A Customer-Facing Employee Yelled At Me - And I Liked It
One composing a list of “customer service don’ts” would likely begin with the notion of yelling at customers.
On second thought, maybe not. The idea of yelling at customers is so universally maligned that one would doubtfully bother including it in a piece on bad behaviors. Why bother when everyone already knows yelling at customers is wrong?
A recent experience left me questioning that conventional wisdom.
No, I do not suddenly think yelling at customers is a “best practice.” In a certain context, however, I believe it can be indicative of a customer-centric mindset. It can be a reflection that the particular employee understands the idea of connecting with customers.
Almost every morning, I buy a protein bar – and sometimes gum, mints and water – from the local convenience store/pharmacy.
The process is usually simple and frictionless. I walk in, say hello to the “regular” cashiers, grab my items, engage in some brief small talk, and pay with my credit card. The experience may not be mind-blowing, but it is effective. I quickly get what I want, receive implicit confirmation that the employees recognize and appreciate my business, and get out.
Last week, I threw the process for a loop. I decided to pay with cash rather than my credit card.
Specifically, as the cashier was scanning my protein bar, I put the $3 down on the register. I was surprised by what happened next.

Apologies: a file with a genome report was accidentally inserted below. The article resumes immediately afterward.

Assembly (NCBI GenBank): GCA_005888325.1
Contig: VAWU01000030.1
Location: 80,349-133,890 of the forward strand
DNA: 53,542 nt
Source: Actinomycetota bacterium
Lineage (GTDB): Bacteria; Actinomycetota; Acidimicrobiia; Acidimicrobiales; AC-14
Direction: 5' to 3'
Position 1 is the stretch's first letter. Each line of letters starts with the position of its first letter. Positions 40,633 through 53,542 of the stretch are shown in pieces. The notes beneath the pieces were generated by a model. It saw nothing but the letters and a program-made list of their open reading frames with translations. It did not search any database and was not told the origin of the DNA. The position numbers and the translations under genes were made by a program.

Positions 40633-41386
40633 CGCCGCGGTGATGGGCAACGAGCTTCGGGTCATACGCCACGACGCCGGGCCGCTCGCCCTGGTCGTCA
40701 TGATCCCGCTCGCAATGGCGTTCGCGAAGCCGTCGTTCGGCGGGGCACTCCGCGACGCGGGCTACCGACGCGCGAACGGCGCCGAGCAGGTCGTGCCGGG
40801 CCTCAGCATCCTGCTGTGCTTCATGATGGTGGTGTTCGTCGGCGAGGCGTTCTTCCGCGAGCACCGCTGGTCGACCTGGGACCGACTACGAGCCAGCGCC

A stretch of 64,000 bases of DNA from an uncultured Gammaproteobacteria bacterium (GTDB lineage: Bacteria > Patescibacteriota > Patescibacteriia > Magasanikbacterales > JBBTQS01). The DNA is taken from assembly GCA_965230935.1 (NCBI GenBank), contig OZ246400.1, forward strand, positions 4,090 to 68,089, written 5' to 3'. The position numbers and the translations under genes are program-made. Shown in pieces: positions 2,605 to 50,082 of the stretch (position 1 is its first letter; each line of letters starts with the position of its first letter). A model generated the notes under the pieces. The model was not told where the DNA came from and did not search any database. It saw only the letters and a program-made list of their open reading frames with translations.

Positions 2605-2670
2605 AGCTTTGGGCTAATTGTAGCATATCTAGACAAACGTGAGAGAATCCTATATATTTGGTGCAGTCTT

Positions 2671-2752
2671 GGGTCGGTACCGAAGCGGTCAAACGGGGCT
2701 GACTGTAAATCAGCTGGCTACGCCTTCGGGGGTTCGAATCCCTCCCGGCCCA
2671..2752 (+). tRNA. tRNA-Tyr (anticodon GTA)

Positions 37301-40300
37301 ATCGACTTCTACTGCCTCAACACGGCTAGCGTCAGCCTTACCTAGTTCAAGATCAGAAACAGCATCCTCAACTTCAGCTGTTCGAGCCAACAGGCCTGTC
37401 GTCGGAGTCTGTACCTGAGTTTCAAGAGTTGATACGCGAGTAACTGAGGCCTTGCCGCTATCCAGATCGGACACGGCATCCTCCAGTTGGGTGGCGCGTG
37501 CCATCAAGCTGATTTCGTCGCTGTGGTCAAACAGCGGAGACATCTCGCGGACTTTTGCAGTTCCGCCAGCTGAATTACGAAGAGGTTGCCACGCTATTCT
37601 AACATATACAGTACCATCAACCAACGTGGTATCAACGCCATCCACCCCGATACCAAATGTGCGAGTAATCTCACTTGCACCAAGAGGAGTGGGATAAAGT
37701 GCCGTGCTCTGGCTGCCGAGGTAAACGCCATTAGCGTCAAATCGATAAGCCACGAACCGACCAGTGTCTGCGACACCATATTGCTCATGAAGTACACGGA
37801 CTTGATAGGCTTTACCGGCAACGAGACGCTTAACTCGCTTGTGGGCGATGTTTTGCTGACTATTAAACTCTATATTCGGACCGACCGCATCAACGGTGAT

A fellow employee confronted me about an action I thought was rather innocuous.
“Why would you just throw the bills down like that,” she yelled. “That’s disrespectful. You should hand the money directly to us!”
I initially wondered if she was being wry or sarcastic.
She most certainly was not. As her volume and tone escalated, she confirmed that she indeed had a legitimate issue with the way I chose to present my cash.
Confused and surprised, I engaged in a conversation about the matter. During the conversation, she revealed that the recurring problem is not exclusive to cash. She also takes issue with my putting items down on the register.
She feels the respectful, cordial thing is to hand everything – products, cash, coupons or cards – directly to the cashier.
In my defense, I truly had the opposite understanding.
I have never personally worked in a retail store or restaurant, but a close friend of mine – one with the same “Seinfeldian” passion for minutiae – told me that his biggest pet peeve when working at a fast food restaurant was when people would push their card in his face before he was ready.
Naturally, I thought the same would apply to cash. By putting the cash down on the register, I’m letting the cashier take the money on her own terms.
And I’ve certainly never seen anything to suggest putting items down (as opposed to handing them to the cashier one-by-one) is an issue.
It definitely was an issue for this particular employee, and she definitely let me know it!
Why it’s okay
I’m a loyal, regular customer of this particular establishment. It’s also the era of customer centricity.